Other measures included the temporary freezing of indexation of income tax brackets and other taxes and the increase of taxes on dividends and interest to 24% from 19%. Spending cuts included de· indexing of some social benefits and cuts in state spending, including on state medical services. The purchasing power and "social (complacent) security", especially of the middle class, will be severely tested.

The sovereign defaults, reducing the value of sovereign debt holdings of the banks, or bank defaults will influence the creditworthiness of the banks and the countries and create a death spiral. When countries such as Greece and other PIIGS need to be rescued, haircuts will weaken the balance sheets of the banks which in turn either need to raise money or be rescued by their governments. The Governments that rescue the banks, will need to raise money to rescue the banks and thus risk to be downgraded which will lead to increased interest rates, which will lead to higher budget deficits and lower bond values, which in turn, will lead to further write downs on government bonds. Why is this death spiral unavoidable? Because we don't have a buffer as when we have normal functioning economies. The overall debts are just simply too big and are overshadowing and pulling down any possible economic growth. We have passed the tipping point. In our point of view the triple A countries in the Euro Zone better use the money to strengthen their own banking system instead of throwing it at countries that haven't shown any financial responsibility and are lost anyway.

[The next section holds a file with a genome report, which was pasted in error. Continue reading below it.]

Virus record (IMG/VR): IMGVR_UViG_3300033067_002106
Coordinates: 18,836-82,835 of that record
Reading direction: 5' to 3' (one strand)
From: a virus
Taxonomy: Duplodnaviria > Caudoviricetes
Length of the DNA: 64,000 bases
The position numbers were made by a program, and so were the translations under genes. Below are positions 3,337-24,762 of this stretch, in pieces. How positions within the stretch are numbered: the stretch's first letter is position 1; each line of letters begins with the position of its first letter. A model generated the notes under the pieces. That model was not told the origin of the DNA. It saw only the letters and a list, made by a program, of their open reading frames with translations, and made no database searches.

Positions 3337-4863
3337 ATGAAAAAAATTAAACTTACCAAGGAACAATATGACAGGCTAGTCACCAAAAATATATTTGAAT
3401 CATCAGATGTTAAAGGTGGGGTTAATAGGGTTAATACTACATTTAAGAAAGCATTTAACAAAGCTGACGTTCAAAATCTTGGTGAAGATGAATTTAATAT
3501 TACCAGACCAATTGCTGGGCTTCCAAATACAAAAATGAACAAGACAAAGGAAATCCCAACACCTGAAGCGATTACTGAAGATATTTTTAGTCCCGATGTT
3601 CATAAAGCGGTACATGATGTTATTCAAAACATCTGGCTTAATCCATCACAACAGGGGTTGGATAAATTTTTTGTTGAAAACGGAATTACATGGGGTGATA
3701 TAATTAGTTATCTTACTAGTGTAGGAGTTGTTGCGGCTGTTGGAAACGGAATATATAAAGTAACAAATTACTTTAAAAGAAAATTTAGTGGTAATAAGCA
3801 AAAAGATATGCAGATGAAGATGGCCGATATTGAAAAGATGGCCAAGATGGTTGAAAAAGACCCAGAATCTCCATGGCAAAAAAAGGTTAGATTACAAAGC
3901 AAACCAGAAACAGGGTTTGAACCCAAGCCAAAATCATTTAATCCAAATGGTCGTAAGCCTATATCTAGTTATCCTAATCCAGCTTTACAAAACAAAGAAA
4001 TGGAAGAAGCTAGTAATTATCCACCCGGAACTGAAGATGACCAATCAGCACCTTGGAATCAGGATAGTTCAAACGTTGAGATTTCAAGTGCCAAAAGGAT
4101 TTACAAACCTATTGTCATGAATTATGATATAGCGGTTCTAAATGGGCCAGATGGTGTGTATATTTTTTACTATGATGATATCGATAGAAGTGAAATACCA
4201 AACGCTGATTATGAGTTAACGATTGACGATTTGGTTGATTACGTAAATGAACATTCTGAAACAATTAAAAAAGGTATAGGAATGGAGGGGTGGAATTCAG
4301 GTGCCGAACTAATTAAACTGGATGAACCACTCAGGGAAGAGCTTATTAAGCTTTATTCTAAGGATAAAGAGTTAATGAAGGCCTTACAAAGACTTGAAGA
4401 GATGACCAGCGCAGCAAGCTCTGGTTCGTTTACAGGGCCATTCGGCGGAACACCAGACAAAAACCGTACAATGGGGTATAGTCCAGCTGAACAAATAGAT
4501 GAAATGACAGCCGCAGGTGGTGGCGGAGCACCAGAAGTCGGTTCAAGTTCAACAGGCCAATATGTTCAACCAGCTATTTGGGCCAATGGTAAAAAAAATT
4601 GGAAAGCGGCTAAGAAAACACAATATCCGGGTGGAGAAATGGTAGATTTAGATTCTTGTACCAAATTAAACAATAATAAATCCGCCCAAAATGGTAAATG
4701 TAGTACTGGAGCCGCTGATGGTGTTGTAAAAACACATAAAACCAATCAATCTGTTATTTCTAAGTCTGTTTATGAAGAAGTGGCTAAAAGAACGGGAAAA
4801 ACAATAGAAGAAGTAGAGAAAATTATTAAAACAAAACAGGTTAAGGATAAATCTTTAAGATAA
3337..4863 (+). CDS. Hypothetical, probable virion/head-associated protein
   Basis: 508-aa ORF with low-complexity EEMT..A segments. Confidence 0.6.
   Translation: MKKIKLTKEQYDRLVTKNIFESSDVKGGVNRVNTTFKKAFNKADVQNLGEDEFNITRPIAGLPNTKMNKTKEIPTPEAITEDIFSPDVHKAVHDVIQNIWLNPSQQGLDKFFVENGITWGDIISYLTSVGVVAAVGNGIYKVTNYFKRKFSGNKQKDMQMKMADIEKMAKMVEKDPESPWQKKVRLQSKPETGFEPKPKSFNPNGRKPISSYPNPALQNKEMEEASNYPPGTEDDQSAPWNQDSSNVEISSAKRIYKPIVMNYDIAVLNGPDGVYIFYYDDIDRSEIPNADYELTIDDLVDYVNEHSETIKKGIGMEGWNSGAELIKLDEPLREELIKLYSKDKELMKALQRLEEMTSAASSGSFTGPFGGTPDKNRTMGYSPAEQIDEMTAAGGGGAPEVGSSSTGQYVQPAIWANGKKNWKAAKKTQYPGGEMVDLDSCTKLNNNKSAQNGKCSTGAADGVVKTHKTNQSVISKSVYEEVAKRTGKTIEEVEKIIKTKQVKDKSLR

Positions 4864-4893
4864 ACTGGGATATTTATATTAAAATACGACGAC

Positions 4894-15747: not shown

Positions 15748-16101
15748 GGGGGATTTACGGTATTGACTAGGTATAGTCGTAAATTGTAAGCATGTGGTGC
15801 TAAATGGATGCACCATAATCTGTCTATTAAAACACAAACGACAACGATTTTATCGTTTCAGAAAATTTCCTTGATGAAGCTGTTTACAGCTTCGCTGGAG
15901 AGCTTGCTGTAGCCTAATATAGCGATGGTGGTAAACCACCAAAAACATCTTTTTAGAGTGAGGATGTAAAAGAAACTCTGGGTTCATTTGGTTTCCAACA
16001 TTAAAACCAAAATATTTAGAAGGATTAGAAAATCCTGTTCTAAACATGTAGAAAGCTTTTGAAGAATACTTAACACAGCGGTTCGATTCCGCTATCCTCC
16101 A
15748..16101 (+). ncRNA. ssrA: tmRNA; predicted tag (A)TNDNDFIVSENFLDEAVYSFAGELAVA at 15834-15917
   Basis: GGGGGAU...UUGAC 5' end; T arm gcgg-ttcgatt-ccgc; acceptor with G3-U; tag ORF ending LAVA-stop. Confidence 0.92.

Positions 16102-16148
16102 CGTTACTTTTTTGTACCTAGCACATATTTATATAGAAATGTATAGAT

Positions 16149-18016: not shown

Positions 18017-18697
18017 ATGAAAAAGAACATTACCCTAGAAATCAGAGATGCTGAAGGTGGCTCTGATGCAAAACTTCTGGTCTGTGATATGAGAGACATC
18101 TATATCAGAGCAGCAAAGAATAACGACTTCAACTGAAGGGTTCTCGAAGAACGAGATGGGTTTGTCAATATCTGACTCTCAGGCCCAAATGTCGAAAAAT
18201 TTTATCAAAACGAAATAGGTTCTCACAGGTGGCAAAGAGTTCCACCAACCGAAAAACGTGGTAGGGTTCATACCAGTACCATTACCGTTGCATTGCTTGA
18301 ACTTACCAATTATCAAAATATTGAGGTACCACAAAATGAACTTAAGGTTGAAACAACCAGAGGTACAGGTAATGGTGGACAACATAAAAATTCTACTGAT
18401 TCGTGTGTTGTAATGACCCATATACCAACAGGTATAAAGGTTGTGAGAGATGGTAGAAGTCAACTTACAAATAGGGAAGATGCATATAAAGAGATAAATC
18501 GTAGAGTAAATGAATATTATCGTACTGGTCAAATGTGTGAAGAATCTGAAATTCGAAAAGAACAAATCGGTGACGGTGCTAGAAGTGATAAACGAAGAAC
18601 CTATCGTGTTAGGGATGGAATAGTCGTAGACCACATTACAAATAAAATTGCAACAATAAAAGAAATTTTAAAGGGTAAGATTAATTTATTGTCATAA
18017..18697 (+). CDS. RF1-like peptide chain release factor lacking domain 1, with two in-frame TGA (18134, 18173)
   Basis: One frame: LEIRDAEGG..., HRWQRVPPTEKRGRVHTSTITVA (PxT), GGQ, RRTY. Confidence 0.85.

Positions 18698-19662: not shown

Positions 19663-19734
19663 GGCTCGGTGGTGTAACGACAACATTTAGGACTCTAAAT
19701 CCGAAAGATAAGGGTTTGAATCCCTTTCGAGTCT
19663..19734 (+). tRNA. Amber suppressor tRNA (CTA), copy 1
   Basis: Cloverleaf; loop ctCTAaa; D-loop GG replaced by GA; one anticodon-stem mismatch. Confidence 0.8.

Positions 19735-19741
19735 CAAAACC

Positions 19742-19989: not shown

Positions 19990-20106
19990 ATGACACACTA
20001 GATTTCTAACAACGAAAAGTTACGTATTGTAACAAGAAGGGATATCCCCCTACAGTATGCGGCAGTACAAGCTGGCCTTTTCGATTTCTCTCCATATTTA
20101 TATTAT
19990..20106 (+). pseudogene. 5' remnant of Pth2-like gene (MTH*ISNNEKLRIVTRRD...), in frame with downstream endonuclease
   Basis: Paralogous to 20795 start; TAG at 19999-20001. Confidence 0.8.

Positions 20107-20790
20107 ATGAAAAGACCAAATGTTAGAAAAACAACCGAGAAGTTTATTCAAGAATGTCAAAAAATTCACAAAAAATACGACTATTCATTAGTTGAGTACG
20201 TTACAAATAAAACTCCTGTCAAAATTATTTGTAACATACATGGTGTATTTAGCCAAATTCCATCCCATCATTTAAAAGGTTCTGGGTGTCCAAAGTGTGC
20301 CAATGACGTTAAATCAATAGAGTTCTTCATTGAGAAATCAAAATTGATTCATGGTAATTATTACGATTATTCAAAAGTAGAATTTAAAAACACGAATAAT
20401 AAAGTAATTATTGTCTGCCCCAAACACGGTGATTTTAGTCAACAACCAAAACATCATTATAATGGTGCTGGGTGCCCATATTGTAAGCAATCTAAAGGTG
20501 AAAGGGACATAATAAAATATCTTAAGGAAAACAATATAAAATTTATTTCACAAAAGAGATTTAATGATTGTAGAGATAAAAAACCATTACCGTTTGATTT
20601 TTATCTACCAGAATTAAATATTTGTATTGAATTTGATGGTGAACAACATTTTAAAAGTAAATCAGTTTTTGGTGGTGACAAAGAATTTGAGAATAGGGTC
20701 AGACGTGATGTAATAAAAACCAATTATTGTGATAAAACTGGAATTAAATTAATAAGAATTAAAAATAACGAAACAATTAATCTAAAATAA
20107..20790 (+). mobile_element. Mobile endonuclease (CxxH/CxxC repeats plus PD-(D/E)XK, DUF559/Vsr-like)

The situation in the US is not much different hence why the US $ is where it is

Contrary to what a lot of anchors of CNBC are saying "it is all Europe's fault that the Dow is down triple digit" the US situation is not that dissimilar. With 17% unemployment and with 50m people living below the poverty level. If the US was in such a good shape we wouldn't experience the contagion in the US markets. US exports are about $1.3trn, of which 22.5% went to Europe in 2010. MF Global exposed the faults and contagion in the US. Making a bet of $6bn speculating on the outcome of Europe's resolve, showed how the contagion is reaching US firms. Next on that, the counter party risk, which will be paramount, in the soon to be expected sell off in the markets, surfaced with the non·segregation of accounts? And last but not least if there is no supervision you can have all the regulation in the world and it still will not work. And all these guys, Corzine, Dudley (NY Fed) and Gensler (CTFC) went to the same school (Goldman Sachs), what a coincidence!